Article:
In the wake of continued loss artists Emily Bate and Shayla-Vie Jenkins each present new meditations in the Christ Church Burial Ground. Each work, sited in one of the oldest resting places in Philadelphia, considers grief and communal gatherings of public healing. Bate and Jenkins each acknowledge the burial ground as a tender and troubled place that holds layers of the city’s history — casting it as a space that is ultimately as much about futures created together as it is the past.
This program is curated and organized by Katy Dammers.
Saturday, Sep 11, 2021 – 6:30pm Shayla-Vie Jenkins
Appropriate for all ages
Topics of Grief and Loss
About the Artists
Emily Bate is a harmony fanatic, obsessed with cooking up voice sounds with people in the seething soup of humanity. This manifests in a wide variety of disciplines (music performance, theater, film, social practice) and roles (composer, vocalist, arranger, conductor, facilitator, performer). Emily founded and conducts a 65-member queer community chorus called Trust Your Moves, an experiment in collective singing designed around liberation and co-creation. Recent projects include: the “CSA,” a subscription art service that sends packages of interactive art to peoples’ home in the mail; the score for the film Queer Genius by Catherine Pancake; several shows with frequent collaborator Erin Markey, including the anarcho-musical A Ride on the Irish Cream, featuring “accessible, often punchy pop-rock” (New York Times), and “soaring musical numbers” (Artforum) that were “startlingly gorgeous, and packed with heavenly harmonies” (New York Post); and a composing collaboration with installation artist Patrick Costello. Emily has worked with artists like MJ Kaufman, The Bearded Ladies Cabaret, and Mal Cherifi, and her work has been performed at venues across the US and UK. Emily’s work has been supported by an Independence Foundation Fellowship, two Leeway Art & Change Awards, the MAP Fund, Art is Essential, the SBMA grant, and more.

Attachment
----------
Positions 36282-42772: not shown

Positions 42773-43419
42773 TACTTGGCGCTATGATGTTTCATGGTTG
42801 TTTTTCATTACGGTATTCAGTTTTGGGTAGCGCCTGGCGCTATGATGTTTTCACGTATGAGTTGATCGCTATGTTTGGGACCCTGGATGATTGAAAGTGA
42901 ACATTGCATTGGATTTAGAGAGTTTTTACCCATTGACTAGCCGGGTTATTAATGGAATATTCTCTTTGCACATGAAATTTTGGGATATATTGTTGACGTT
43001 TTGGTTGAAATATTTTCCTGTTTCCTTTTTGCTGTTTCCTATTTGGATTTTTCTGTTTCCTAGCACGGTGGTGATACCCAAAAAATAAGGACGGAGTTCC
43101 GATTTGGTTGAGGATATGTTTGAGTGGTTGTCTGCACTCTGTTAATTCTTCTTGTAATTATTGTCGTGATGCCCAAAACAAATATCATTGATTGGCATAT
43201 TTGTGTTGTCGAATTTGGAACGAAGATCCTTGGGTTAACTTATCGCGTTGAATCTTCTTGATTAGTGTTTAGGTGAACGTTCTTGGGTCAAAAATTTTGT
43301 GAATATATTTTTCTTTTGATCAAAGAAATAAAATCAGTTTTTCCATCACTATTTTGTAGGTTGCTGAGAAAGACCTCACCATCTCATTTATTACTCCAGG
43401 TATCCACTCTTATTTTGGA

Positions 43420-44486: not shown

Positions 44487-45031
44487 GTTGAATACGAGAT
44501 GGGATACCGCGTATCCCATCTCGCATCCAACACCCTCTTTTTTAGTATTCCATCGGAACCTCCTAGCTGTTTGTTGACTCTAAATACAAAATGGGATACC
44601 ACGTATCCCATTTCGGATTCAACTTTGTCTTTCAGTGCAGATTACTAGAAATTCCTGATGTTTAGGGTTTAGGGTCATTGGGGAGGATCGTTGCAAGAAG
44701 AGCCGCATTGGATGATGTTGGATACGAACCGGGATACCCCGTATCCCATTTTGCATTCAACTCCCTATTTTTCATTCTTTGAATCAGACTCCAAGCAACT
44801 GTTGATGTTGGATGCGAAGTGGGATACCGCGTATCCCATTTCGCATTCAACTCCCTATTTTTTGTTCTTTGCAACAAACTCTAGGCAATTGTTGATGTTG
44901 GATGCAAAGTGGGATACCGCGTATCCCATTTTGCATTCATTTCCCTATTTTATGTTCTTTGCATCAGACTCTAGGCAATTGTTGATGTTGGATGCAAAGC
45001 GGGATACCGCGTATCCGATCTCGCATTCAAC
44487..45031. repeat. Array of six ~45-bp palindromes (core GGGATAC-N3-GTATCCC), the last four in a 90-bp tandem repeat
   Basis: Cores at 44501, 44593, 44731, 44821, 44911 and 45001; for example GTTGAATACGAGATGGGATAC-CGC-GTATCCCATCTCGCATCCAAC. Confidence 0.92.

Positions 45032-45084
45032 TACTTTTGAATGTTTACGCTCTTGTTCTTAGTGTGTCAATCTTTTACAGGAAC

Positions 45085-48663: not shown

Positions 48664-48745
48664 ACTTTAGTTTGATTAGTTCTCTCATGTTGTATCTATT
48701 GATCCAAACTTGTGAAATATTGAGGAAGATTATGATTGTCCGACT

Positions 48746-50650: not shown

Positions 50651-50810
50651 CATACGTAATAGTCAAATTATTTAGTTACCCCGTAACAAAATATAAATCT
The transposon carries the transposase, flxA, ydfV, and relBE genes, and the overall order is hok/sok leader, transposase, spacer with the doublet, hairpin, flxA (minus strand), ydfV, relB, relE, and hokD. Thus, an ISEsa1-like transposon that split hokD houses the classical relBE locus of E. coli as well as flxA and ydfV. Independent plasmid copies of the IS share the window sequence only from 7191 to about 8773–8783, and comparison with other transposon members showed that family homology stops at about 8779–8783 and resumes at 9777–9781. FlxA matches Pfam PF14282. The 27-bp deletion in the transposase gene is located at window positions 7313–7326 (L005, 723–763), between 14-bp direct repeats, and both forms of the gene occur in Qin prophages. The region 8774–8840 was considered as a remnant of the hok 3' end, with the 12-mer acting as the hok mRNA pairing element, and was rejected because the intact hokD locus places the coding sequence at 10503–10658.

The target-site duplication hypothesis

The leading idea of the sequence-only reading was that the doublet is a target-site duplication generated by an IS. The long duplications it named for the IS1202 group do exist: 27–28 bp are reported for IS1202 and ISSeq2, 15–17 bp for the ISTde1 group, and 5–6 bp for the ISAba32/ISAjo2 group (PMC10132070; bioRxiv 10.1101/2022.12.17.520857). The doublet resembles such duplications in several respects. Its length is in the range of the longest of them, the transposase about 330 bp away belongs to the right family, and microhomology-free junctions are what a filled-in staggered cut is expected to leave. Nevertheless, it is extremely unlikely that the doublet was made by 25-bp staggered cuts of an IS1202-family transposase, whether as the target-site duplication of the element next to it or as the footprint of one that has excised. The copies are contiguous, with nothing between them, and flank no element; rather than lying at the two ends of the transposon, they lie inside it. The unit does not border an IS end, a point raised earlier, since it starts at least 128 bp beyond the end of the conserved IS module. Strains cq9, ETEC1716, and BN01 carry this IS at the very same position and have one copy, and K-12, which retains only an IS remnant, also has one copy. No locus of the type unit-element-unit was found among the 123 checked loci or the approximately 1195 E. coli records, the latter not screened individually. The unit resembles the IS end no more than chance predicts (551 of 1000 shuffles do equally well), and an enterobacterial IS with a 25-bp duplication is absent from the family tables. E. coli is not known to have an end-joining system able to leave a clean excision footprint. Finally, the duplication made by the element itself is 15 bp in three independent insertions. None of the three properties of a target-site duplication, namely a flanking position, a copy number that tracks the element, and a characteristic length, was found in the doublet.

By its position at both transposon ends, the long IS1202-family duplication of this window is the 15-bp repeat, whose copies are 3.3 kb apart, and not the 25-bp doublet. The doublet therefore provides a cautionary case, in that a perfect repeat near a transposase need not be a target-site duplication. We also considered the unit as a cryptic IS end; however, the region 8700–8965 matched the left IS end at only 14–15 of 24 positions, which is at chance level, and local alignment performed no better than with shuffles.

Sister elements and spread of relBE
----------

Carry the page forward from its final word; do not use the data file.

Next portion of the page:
Shayla-Vie Jenkins is a performer, teacher, and maker whose current research and practice explores blackness, presence, and liberation. Shayla-Vie performed with the Bill T. Jones/Arnie Zane Company from 2005–2016. During her tenure, the company received two ensemble New York Dance and Performance Awards for Chapel Chapter (2007) at Harlem Stage and for the “Outstanding Revival” of D-Man In The Waters (2013) at The Joyce Theater. She has restaged notable BTJAZ works at universities nationwide and continues to teach for the company at the American Dance Festival. Shayla-Vie has most recently performed in projects with Yara Travieso, Ni’Ja Whitson, Okwui Okpokwasili and Peter Born (Sitting on a Man’s Head), Yvonne Rainer (Part of Some Sextets), David Gordon (The Philadelphia Matter 1972/2020), and James Allister Sprang. She is an Assistant Professor in the School of Dance at the University of the Arts in Philadelphia.